Heathrow noise pollution getting worse, according to recent poll


The majority of Hammersmith and Fulham residents voted that aircraft noise had affected them more since BAA relaxed runway operations.

By Grant Cloughton

Noise pollution around Heathrow Airport is getting worse according to a recent poll.

The majority of Hammersmith and Fulham residents (75%) voted that aircraft noise had affected them more since BAA relaxed runway operations.

Mixed-mode operations will trial until March 2013 and allows the airport to use both runways for arrivals and departures.

Of the 1,511 people who have responded to the poll so far, 867 voted yes and 284 voted no to being affected by the Operational Freedoms.

Councillor Victoria Brocklebank-Fowler, Hammersmith & Fulham Council Cabinet Member for Transport and Technical Services, said: “A clear majority of people who responded to our poll have noticed more aircraft noise due to the relaxing of rules at Heathrow.”

She added: “If BAA thought this trial was a foot in the door to get more flights into the airport – and over our heads – they need to know that we will fight them all the way.”

Around 665 aircrafts fly over the affected boroughs throughout the day at about 90 second intervals, with the earliest usually starting at 4:20am and lasting until around midnight.

Both runways are also being used when planes face a 10-minute wait to land or take off or if there is more widespread disruption to the airport’s flight schedules, which may occur due to bad weather.

Historically the airport has used a runway alternation system which means using one runway for arrivals and the other for departures.

This would usually involve switching halfway through the day to give residents a predictable period of relief from aircraft noise.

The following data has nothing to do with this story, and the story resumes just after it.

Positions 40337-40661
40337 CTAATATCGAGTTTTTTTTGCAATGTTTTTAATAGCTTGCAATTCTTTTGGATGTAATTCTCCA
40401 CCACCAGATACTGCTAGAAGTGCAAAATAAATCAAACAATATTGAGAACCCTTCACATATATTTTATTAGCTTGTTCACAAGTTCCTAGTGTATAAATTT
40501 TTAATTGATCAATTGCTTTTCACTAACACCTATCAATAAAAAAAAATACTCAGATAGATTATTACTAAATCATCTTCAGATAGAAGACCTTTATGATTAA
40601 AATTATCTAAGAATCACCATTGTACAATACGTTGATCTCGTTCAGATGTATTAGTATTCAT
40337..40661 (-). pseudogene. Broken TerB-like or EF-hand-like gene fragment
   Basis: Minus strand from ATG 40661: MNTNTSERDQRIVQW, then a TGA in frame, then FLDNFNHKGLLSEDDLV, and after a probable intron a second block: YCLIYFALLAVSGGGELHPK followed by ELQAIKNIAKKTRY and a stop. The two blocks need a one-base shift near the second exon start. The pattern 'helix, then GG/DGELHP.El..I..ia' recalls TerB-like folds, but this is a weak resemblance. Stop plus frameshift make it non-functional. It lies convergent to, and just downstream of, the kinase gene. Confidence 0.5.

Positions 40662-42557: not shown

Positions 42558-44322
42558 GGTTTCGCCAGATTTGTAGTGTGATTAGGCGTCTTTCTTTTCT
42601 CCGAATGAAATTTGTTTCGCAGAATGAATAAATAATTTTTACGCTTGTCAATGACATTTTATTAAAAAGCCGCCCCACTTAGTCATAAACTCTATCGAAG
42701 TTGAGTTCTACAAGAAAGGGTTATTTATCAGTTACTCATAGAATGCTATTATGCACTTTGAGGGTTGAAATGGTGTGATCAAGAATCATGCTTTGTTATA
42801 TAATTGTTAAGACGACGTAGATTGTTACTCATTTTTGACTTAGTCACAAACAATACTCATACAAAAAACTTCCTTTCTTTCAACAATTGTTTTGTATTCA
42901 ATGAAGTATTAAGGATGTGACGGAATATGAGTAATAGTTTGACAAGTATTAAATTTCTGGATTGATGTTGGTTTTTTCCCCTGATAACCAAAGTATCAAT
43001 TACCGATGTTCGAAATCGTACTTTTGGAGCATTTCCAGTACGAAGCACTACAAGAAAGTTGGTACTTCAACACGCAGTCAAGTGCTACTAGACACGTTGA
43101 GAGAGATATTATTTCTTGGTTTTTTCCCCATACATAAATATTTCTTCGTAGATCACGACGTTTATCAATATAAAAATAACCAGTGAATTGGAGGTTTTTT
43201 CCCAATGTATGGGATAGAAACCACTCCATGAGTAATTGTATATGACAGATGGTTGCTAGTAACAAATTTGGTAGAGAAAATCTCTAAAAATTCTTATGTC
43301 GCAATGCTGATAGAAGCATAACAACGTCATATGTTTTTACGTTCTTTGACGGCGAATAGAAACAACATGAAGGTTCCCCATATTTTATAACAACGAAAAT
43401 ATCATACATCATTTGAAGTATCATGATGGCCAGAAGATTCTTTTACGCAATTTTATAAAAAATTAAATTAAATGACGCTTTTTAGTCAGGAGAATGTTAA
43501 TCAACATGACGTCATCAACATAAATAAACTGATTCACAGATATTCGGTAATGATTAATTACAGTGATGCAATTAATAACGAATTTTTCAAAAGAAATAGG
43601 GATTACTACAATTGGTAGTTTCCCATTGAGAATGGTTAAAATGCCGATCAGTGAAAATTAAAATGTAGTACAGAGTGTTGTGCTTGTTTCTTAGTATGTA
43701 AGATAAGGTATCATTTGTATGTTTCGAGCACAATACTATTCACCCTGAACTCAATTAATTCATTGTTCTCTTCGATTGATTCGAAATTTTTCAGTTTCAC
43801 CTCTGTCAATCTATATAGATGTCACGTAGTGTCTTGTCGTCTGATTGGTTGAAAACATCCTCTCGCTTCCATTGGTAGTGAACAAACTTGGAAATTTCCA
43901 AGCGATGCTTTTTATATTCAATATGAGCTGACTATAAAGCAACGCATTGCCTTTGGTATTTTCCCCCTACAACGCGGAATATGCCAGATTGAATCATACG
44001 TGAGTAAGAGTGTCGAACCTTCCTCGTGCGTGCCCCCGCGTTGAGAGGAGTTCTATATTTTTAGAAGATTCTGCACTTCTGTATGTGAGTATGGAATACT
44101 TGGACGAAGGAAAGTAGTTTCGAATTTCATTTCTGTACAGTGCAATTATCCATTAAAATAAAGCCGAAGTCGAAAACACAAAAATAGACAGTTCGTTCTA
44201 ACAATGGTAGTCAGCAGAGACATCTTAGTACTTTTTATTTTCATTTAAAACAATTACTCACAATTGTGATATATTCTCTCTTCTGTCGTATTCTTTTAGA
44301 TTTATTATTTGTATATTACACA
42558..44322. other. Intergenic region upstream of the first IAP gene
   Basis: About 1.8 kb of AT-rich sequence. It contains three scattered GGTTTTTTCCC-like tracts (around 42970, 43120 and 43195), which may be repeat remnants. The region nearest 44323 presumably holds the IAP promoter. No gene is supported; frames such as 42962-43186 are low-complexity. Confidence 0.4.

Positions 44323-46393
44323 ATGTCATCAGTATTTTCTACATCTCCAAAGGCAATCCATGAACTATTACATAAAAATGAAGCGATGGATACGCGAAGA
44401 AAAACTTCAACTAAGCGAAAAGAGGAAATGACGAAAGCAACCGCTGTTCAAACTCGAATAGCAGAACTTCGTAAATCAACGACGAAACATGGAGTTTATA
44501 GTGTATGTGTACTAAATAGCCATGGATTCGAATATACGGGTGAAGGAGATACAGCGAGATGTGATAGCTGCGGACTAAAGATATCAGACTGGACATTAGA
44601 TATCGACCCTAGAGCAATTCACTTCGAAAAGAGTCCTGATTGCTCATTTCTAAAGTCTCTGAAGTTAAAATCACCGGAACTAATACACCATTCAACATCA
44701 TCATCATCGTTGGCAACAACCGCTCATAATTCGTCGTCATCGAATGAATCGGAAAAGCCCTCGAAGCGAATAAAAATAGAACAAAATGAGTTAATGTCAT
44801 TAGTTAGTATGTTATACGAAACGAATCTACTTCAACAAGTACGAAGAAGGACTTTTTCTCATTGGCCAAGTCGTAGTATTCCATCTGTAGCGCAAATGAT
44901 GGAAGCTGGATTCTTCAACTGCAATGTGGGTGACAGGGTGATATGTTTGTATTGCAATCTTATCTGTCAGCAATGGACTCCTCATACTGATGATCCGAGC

However, under the current trials the opportunity to switch runways has been significantly lowered.

Concerns about the trial have spiralled since its announcement.

The number of complaints has rocketed by nearly 900% – from around 200 in May to a spike of around 1,800 in August, according to BAA statistics.

H&F Council is part of the all-party 2M group – which represents more than five million people in boroughs close to Heathrow – and wants a guarantee that runway alternation and night flight restrictions will not be sacrificed so the airport can handle more planes.

The campaign group says that allowing both runways to be used in tandem for arrivals and departures would be just as damaging as creating a third and fourth landing strip.

The councils are now preparing evidence for a new aviation commission, headed by Sir Howard Davies, which was launched by the Government to examine the case for airport development across the UK.

2M has successfully blocked previous attempts to introduce mixed mode and overturned the previous Government’s plans for a third runway in the High Court.

Councillor Brocklebank-Fowler urges anyone who has been disturbed by these trials to make their views known by voting on the poll which can be found at

Residents may also respond directly to BAA by visiting or calling 0800 344 844 or emailing [email protected].

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